How JustAnswer Works:
  • Ask an Expert
    Experts are full of valuable knowledge and are ready to help with any question. Credentials confirmed by a Fortune 500 verification firm.
  • Get a Professional Answer
    Via email, text message, or notification as you wait on our site. Ask follow up questions if you need to.
  • 100% Satisfaction Guarantee
    Rate the answer you receive.
Ask gomi_otaku Your Own Question
gomi_otaku, VW Technician
Category: VW
Satisfied Customers: 3459
Experience:  VW FastTrack '00-'01, VW Academy Chicago and Seattle '00-present, VW Certified
Type Your VW Question Here...
gomi_otaku is online now
A new question is answered every 9 seconds

I have VW Jetta with PO442 (evap system small leak). Ive been

Customer Question

I have VW Jetta with PO442 (evap system small leak). I've been to VW dealership 5 times so far. They have replaced LDP, gas cap, then checked if my software was up to date - it was. Next step they gonna take is take the whole gas tank apart and look for the problem there. I have a feeling that the problem is not even there. I keep throwing in money and get no results (this "next step" is gonna cost me $450 plus whatever they decide to "fix" when they open the tank).

Do I have any alternatives? I need that engine light to go away, but I can't just keep paying them for their fruitless investigations.
Submitted: 8 years ago.
Category: VW
Expert:  JamesH replied 8 years ago.
Can I get the year of your vw jetta
Customer: replied 8 years ago.
Expert:  dan replied 8 years ago.
An easy thing to check is the seal for the fuel pump and sending unit. Pull up the back seat on the passenger side and underneath a piece of carpet is a cover with three phillip head bolts holding it down. Remove this cover and check for any evidence of mouse chewings such as insulation or sunflower seeds sitting ontop of the gas tank.
Customer: replied 8 years ago.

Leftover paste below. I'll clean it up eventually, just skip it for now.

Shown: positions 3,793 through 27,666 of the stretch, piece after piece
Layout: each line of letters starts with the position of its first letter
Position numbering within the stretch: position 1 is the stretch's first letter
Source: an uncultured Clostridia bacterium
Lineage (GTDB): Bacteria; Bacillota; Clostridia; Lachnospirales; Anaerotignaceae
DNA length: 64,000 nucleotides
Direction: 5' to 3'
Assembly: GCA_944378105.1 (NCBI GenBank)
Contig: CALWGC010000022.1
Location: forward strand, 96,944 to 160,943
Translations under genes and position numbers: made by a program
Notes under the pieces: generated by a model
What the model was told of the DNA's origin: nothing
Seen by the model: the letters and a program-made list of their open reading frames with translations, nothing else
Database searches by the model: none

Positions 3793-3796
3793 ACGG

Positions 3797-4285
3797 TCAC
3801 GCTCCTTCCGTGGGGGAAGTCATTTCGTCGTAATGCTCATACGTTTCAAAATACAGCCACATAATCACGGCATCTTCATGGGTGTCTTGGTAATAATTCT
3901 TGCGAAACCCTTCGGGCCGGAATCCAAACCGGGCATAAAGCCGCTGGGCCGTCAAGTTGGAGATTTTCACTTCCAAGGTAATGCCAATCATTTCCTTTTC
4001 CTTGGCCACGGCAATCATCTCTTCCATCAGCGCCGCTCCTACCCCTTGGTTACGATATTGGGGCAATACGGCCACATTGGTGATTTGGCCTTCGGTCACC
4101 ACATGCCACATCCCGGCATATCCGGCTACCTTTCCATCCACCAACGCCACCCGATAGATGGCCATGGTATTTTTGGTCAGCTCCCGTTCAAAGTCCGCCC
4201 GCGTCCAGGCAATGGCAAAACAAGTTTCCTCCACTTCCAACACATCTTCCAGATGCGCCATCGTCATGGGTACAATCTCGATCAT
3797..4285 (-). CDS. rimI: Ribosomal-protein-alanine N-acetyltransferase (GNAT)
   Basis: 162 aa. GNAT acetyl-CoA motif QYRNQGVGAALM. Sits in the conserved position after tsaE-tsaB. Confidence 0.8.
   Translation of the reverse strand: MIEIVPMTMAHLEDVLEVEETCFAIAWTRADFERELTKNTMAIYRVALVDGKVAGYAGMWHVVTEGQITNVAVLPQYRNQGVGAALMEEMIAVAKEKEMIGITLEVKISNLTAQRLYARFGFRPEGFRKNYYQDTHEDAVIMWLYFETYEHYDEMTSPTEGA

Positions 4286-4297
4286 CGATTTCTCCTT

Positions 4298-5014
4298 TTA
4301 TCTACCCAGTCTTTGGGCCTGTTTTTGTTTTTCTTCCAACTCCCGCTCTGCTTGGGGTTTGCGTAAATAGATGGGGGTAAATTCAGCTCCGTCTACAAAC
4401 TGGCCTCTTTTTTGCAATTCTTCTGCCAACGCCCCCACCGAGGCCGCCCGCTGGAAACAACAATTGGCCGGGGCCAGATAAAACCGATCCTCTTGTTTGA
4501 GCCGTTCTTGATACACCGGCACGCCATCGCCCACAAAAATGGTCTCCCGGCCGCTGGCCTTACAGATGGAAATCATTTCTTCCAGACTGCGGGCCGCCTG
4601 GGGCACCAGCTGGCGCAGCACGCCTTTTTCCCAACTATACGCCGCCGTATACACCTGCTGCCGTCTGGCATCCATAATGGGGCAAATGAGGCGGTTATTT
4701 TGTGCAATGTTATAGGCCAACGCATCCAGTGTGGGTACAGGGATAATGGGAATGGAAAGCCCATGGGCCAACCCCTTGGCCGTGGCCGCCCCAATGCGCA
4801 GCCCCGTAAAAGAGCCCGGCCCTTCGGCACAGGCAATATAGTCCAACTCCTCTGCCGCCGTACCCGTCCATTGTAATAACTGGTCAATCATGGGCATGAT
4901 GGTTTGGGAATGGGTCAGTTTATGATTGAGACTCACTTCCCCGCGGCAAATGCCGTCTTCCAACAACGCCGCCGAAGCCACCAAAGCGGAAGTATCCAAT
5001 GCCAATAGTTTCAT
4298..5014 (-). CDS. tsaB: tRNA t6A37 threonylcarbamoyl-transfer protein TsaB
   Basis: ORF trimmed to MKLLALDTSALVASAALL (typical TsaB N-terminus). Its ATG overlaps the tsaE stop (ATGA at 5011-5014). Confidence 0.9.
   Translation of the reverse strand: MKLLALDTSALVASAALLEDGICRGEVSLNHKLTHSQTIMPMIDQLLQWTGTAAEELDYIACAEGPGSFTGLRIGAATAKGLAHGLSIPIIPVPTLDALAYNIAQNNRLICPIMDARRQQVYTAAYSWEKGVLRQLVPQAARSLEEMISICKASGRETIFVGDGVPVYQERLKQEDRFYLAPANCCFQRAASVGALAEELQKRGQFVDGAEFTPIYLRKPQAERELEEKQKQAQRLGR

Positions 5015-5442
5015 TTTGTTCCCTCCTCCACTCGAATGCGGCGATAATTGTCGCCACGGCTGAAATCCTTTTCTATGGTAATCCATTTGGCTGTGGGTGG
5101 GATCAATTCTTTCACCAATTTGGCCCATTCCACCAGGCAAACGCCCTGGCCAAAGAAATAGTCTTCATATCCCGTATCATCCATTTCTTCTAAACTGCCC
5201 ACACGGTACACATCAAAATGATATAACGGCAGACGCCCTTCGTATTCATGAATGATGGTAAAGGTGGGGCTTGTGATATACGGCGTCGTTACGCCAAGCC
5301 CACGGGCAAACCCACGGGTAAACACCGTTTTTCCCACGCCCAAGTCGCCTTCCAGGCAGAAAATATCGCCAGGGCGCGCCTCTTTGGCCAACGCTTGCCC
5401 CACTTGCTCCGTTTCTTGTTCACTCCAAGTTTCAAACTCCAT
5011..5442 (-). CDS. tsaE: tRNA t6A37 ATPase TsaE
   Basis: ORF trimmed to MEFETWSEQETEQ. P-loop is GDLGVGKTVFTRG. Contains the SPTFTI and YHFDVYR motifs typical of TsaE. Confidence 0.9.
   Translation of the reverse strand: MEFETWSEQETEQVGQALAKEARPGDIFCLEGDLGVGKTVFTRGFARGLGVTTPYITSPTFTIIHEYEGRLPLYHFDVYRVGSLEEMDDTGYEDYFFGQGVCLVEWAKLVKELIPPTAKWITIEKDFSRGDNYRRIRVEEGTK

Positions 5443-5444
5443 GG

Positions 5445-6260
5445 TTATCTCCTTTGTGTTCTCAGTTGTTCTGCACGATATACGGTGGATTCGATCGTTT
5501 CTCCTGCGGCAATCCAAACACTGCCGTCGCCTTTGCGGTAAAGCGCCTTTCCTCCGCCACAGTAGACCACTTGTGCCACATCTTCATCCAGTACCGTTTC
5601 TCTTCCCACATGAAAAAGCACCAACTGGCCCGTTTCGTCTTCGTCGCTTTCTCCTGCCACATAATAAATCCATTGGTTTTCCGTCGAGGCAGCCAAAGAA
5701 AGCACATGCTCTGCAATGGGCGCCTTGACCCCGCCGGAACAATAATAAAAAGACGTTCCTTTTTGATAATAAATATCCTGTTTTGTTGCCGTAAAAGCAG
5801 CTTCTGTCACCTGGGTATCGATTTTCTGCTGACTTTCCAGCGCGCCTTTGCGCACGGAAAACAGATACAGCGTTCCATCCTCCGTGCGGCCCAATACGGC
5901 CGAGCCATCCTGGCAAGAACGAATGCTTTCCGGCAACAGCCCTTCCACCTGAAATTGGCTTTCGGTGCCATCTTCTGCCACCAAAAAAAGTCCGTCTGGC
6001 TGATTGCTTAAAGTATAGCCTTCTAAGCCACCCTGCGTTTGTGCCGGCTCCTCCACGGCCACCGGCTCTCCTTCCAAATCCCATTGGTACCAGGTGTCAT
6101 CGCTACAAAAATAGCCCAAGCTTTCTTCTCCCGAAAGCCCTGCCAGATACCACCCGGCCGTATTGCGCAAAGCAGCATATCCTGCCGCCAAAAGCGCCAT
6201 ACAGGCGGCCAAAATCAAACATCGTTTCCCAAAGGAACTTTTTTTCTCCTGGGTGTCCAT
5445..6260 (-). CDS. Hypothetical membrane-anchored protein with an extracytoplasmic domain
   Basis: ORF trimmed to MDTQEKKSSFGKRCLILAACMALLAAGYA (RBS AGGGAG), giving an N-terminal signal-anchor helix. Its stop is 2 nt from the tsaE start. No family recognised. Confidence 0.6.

So, I took it to VW, they checked the whole area and said there were no holes or anything of that nature. They said, there are a few valves inside of the tank that they can not check, and they assume that they are the problem (since they checked everything else). They want to change the whole fuel tank.
I don't know how much is it gonna be, but I know it's expensive. Do i have to do this? Again, what are my alternatives?
Customer: replied 8 years ago.
Relist: No answer yet.
Expert:  gomi_otaku replied 8 years ago.

Any good shop should have a "smoke machine" that uses nitrogen and a special fluid to create a fogging smoke inside the tanks and fuel system. They should either be able to detect if there are external leaks with this, or they can simply use the pressure test function of this machine to detect how much pressure drop there is- then spend some time pinching off lines until they figure out where EXACTLY the problem is, instead of just guessing. There are a number of hoses outside the tank. There are no hoses "inside the tank" that can register a leak- the tank is pressurized, and the test involves timing to see how long it holds pressure before the LDP needs to pump again. If it leaks internally in the tank, it's not LOSING pressure!!

Some common areas of leaks are the rubber seal for the fuel pump, the N80 purge valve sometimes gets carbon dust in it and doesn't seal exactly right, and sometimes the rollover valve gets a small leak past the diaphragm (which isn't typically available separate from the tank)